We know almost nothing about the life of the apostle Peter from the Council of Jerusalem, in the year 49 (see Acts 15), until the time he wrote this letter, around the year 64. It is certain that he went to Rome. Being in charge of the entire Church, he, like Paul, had to go to the center of the Roman world, though their motives were different.
A very ancient tradition affirms that he was killed in the persecution of Nero, in 66, and that he was buried on the grounds of the Vatican Hill. Inves tigations carried out these past years have enabled us to discover a grave and bones with various inscriptions which are, almost certainly, those of the apostle, the first Rock of the church.
Thus it was a short time before his death that he wrote this letter from Rome. Peter had neither the genius nor the literary talent of Paul. Instead, with simple words, he addressed the Chris tians of the Asian province, where the first persecutions were beginning. Different from Paul, he is not concerned with clarifying or defending the faith. He tries to encourage believers who are suffering by presenting the example of Christ to them and by explaining the consequences of baptism.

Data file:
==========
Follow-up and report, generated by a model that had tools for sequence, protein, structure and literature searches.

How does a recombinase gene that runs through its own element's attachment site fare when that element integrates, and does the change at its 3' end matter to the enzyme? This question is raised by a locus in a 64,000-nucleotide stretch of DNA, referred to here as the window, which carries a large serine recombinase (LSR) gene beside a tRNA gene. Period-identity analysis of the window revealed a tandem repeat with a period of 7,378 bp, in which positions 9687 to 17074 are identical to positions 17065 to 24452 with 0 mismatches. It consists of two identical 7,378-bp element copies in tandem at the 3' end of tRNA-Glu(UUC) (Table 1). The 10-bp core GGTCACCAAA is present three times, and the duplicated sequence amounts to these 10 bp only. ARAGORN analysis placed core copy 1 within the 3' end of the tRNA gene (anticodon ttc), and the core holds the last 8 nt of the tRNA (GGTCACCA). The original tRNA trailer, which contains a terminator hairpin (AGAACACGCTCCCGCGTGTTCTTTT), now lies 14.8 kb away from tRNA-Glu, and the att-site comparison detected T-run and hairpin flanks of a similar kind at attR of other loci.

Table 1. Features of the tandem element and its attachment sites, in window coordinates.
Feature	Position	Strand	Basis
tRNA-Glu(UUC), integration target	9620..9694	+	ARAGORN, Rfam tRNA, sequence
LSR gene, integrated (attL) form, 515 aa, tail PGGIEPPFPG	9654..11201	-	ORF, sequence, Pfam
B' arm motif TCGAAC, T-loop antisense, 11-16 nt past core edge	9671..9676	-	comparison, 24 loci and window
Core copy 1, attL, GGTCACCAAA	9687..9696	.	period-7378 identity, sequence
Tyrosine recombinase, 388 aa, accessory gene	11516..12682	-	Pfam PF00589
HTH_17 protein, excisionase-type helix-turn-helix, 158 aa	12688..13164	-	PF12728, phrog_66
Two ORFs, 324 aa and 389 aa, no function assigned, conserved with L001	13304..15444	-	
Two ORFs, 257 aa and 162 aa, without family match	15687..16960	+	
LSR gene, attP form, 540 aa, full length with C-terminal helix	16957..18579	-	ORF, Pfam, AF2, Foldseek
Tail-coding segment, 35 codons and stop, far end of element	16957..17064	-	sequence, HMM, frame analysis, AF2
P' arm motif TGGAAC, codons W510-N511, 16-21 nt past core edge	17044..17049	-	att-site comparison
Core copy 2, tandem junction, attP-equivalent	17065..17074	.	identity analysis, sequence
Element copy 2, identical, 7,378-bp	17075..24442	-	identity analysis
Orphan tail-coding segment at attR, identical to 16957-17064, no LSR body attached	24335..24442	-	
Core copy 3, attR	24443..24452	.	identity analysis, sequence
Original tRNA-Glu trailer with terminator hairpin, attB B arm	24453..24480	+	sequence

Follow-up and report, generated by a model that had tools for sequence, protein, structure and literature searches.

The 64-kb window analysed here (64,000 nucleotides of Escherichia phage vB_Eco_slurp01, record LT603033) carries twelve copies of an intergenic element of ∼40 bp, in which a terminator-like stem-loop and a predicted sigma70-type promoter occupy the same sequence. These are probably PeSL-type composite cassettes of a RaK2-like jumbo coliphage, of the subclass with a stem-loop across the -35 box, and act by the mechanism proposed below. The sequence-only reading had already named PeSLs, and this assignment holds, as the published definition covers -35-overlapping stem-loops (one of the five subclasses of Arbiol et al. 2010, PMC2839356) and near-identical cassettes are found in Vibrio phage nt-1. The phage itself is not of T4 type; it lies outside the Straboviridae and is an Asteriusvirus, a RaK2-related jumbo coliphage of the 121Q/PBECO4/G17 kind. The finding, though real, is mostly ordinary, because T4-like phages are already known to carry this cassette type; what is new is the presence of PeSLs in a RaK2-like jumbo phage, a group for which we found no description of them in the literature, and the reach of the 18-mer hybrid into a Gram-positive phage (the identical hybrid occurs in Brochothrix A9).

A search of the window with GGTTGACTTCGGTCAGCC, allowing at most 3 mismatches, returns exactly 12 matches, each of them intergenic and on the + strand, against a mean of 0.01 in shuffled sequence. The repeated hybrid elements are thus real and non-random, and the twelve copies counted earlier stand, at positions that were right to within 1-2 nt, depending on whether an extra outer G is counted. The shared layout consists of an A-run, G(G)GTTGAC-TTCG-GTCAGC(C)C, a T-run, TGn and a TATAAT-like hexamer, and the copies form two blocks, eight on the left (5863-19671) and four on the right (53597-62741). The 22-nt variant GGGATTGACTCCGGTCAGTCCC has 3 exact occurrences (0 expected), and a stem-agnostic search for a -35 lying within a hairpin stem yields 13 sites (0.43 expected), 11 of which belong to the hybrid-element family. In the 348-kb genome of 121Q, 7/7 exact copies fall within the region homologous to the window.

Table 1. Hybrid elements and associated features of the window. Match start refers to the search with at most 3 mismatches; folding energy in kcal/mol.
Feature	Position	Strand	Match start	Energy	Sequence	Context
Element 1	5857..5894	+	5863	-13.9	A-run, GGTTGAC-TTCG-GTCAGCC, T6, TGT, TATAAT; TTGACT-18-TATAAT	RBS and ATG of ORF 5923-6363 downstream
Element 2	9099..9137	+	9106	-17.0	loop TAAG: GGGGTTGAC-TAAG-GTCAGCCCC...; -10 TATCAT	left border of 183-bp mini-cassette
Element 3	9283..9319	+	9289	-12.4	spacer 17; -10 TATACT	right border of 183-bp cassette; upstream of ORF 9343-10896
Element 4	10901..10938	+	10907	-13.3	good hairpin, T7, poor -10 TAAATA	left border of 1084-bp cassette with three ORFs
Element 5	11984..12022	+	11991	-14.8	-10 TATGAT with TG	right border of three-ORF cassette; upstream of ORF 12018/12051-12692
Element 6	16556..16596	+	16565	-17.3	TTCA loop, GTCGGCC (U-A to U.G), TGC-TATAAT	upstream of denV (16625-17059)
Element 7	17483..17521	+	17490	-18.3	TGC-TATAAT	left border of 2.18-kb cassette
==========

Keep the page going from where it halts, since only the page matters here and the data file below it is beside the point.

In this letter, everything from 1:3 to 3:7 is inspired by the baptismal ceremony in the early Church: hymns, homily on the ritual and on Christian life. For Peter, it is an excellent way to remind his readers that they are Christians.
The end of the letter tells us that Peter wrote through Silvanus, who had been a disciple of Paul. This may be why, in various passages, we find the same topics found in Paul’s letters.